The state allocated about $780 million over the biennium in increased funding for an early education allotment, according to statewide public policy organization Center for Public Policy Priorities. School districts must spend their share of this allotment on grades pre-K through third grade, such as literacy programs or full-day pre-K, KISD Chief Financial Officer Chrisopher J. Smith, said. The allotment is divvied out among Texas districts based on enrollment numbers, student demographics and attendance.
To set up full-day pre-K for the start of the school year, KISD spent about $4.5 million for teacher and classroom aide positions and about $1.2 million in non-payroll costs to supply the pre-K classrooms with furniture and instructional materials, per district data.
KISD estimates it will receive about $8.6 million from the early education allotment, though the number is subject to change based on actual 2019-20 enrollment numbers and demographics, Smith said. The district will spend its early education allotment and any additional funds to implement full-day pre-K successfully, Smith said.
“We spend what the district feels needs to be spent on those students,” Smith said. “We have expenses whether they have [an allotment] or not. We’re going to spend that money because that’s what it takes to educate these kids.”
Overall, the district did gain additional funding from HB 3, and the district was also able to use some 2018-19 budget funds to help offset the set-up costs for the full-day pre-K, he said.
“Once House Bill 3 said that we needed to offer full-day pre-K, then our district ... found a way to make a work,” Smith said. “That’s the best decision for students.”
Set up for success
Research shows early childhood education can give children a lifelong advantage, but not solely due to the academic skills learned in the classroom.
A 2017 TEA study that followed pre-K students over a 15-year period found children who attended pre-K classes were 16% more likely to demonstrate skills showing kindergarten readiness.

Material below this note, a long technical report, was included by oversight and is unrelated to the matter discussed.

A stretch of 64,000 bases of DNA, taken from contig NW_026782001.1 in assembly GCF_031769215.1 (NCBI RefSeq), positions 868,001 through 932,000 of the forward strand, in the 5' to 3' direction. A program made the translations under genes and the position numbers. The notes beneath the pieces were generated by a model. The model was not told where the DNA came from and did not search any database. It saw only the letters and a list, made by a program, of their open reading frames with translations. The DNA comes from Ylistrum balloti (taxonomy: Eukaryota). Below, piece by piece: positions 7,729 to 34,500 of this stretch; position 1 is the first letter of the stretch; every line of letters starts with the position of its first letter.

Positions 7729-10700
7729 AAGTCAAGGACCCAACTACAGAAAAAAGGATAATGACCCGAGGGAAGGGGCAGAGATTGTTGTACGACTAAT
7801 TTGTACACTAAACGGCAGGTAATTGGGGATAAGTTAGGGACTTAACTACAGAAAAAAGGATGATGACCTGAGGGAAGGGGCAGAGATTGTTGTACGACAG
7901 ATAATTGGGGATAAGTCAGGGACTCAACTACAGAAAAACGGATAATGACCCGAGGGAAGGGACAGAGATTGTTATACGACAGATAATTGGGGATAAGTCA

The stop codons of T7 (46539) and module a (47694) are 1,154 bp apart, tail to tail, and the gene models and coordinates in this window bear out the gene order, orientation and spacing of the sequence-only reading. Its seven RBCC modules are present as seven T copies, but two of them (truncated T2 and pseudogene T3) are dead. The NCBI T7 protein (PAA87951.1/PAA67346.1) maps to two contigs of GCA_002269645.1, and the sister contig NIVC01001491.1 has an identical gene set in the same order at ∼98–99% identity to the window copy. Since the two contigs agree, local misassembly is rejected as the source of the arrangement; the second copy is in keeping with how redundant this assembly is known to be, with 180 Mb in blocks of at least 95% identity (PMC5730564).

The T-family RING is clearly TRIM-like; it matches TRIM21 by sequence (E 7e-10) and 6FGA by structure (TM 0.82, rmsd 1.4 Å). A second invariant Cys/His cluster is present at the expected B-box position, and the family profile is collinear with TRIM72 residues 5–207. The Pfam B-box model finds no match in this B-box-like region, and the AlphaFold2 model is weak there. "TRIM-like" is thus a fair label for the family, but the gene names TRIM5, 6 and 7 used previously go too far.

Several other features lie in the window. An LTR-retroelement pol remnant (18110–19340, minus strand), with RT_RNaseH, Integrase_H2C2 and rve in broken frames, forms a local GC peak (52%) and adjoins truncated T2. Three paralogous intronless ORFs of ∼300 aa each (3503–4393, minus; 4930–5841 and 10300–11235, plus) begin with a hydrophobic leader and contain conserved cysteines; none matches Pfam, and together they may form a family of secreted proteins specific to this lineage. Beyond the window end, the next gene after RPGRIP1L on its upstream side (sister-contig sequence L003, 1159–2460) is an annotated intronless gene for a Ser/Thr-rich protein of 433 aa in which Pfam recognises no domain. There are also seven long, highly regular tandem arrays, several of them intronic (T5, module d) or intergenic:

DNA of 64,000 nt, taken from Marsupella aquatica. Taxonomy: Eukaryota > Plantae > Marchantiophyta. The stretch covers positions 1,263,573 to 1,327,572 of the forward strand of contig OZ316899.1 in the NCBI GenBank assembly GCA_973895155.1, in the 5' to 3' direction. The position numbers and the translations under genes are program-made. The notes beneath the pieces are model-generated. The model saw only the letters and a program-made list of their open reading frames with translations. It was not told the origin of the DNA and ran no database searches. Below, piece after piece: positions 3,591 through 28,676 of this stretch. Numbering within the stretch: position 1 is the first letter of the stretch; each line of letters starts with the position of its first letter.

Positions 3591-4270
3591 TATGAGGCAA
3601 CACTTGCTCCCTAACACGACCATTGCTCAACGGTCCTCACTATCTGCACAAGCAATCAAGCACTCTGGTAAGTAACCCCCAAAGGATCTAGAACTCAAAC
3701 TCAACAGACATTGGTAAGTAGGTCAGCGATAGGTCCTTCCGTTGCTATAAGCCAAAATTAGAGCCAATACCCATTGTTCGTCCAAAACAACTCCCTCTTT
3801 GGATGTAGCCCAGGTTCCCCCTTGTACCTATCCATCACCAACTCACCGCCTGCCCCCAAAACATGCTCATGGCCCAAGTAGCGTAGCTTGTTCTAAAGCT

It also found attending pre-K also is associated with a lower likelihood of dropping out of school and a higher likelihood of enrolling in college.
“If families are able to take advantage of the full-day program, then I think it helps them economically by being able to be reliable employees,” Wrzyszczynski said. “If the families have the opportunity to gain more income, they will be able to provide additional opportunities for their children.”
Wrzyszczynski taught in elementary schools in Maryland, Florida and Georgia before relocating to the Katy area. She said her three children have been educated by the KISD system and agrees many families move to Katy for the quality of the schools and programs.
“It can be very beneficial to students who do not have access to a conducive learning environment for a variety of reasons,” Wrzyszczynski said. “There are many private preschools and day care centers particularly in the Katy and Houston area. However, they can be cost-prohibitive for some families.”
Wells said there are options in the Greater Houston area for parents whose children are not eligible for state-funded public pre-K, including child care centers, faith-based pre-K programs and home-based child care, but there are not enough affordable, high-quality options to meet the needs.
“It is much more challenging and expensive to provide remediation for children. This is especially true for children in poverty who may not have had the benefits of early literacy development,” Wells said. “As a lifelong educator, I am convinced that if we increase participation in high-quality pre-K programs, we will see an increase in student performance.”
Jen Para and Danica Smithwick contributed to this report.